Last week Jonathan Panikoff posted a stream of clap-trap and nonsense at Small Wars Journal to support his headline that, in Syria, “The True Chaos Will Begin After the Fall of the Regime.”
Why do I sigh? Mr. Panikoff is, of course, correct, if by “chaos” he means lots of people will be killed. I’m not certain that’s what he means, but I think it is at least part of it. Two things are troubling. First, the point has nothing to do with Syria: it is a general point that holds anywhere that an irregular transfer of power takes place a new state must assert its authority. Charles Tilly taught us this, first in his study of the French Revolution (The Vendee, 1964), and more generally in From Mobilization to Revolution(1978, see esp. pp. 191, 214-22). Yet Mr. Panikoff fails to mention this.
Instead, and this is the second part that wears on me, he trucks in what used to be Sovietology, which is a form of interpretation and prognostication akin to what one finds on ESPN: experts familiar with the names of various principals opine about the interests of each, intrigue among them, coalitions, etc. These folks are, as far as I can discern, blissfully unaware of the extent to which their ideas and interpretations are colored by standard narratives in their culture (ranging from children’s tales, fiction for adult consumption, and religious texts, to learned scholarship). In that sense it is rather unfair for me to pick on Mr. Panikoff, for he is but one of literally thousands of analysts who engage in this practice. Please take this critique, then, as targeting those analyses of which Mr. Panikoff’s is but one example.
Charles Tilly’s work (by which I am largely referring to his pre-1990 writing) was unusually informative. But perhaps the point most strongly branded onto my brain by Chuck are points three and four on pp. 218-29 of From Mobilization to Revolution. It illuminates beautifully (1) why you are an ignoramus if you wear a Che Guevara t-shirt (he directly oversaw the slaughter of thousands of Cubans denied due process, but if you like mass murders, by all means, celebrate Che) and (2) why so many of us were stunned beyond words when the Bush administration banned Ba’athists, who made up the overwhelmingly majority of Iraq’s military and police forces, from government service, thus creating a “monopoly of coercion” vacuum.
Third, the revolutionary coalition is likely to fragment once the initial seizure of control over the central government apparatus occurs, and that fragmentation itself tends to produce further struggles involving violence…. Fourth, the victorious polity still faces the problem of reimposing routine governmental control over the subject population… As the government returns to its work of extracting and redistributing resources, it finds people reluctant to pay taxes, give up their land, send their sons to war…. And so a new round of violent imposition and violent resistance begins.
Tilly continues to make several interesting claims, and I leave it to those interested to pursue them. I wish to emphasize both the abstract concepts and his use of active voice. Tilly’s work provides us with neutral concepts such as challenger, contender, coalition, and bureaucratic apparatus. He speaks of mobilization processes, routine governance, and competition. He also recognizes that government impose control, extract taxes, and redistribute resources. These are activities pursued by a self interested state, challenged by groups of people who prefer not to cooperate, if they can. It is absolutely devoid of Manichean narrative: there are no “white hats” or “black hats” to be found. Yet Charles Tilly is dead, and as I search for evidence of the impact of his work, I fear it may be shrinking, not growing.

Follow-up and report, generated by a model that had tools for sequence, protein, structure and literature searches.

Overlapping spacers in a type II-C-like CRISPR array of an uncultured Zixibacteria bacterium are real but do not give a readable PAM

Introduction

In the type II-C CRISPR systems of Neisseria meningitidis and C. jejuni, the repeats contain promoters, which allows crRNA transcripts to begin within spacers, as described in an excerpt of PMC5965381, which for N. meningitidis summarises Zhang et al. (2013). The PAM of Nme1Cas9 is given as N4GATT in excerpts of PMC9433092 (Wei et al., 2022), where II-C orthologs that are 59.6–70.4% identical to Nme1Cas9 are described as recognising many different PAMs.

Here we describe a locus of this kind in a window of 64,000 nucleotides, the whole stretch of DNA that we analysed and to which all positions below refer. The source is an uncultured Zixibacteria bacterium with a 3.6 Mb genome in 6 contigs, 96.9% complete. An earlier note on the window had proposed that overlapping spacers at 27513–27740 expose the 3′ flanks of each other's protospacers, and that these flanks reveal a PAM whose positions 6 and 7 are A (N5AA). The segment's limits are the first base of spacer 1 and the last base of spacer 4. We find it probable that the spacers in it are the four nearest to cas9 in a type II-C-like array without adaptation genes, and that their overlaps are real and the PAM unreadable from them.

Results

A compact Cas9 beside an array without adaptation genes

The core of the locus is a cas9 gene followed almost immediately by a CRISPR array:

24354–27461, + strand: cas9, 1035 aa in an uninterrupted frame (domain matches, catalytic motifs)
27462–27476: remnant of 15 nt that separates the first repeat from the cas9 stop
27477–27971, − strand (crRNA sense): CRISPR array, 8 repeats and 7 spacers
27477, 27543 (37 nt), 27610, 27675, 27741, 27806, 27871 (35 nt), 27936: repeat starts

Returning to posts like that offered by Mr. Pannikoff’s, such analyses of ”coming chaos in Syria” fail not only to add content to what we learned from Tilly, they actually subtract content by leading us to view what might happen next through the same lenses we might use as we consume Survivor, a soap opera, or The Walking Dead. And that, folks, is why I sigh.
If you’re going to apply the “mass murderer” label to Che’, you better be prepared to say the same about Washington, Lincoln (who went so far as to suspend habeas corpus), Andrew Jackson, and plenty of other American political icons. I’m not claiming Che’ didn’t have people killed, rather that the US political pantheon is pack to the brim with people who did likewise. It’s hypocritical, plain and simple.
Roqeuntin, thanks for commenting, and I apologize for my tardy reply. I don’t know why you might imagine me a hypocrite on this issue, but since you raise the question, I will answer. In every human rights course I teach I point out Lincoln’s suspension of habeus corpus, and frequently do so in conversation (though not yet on this blog), especially during the past decade. Andrew Jackson committed genocide (though we did not have that term back then) on a larger scale than his contemporaries, and while I am not well versed in the history of 19th century US presidents, it is certainly true that most, if not all, engaged at some level in what today would be recognized as crimes against humanity.
Perhaps you are suggesting that the use of US currency is a form of hypocrisy. If so, I plead guilty. I have spent some time trying to figure out how to avoid the use of Jackson ($20 bill) in particular, but have failed to come up with anything I find appealing. Please feel free to share any ideas you might have.
Lastly, if you might direct myself (and others) to such crimes by Washington, I will be appreciative as I confess my reading there has been rather scant.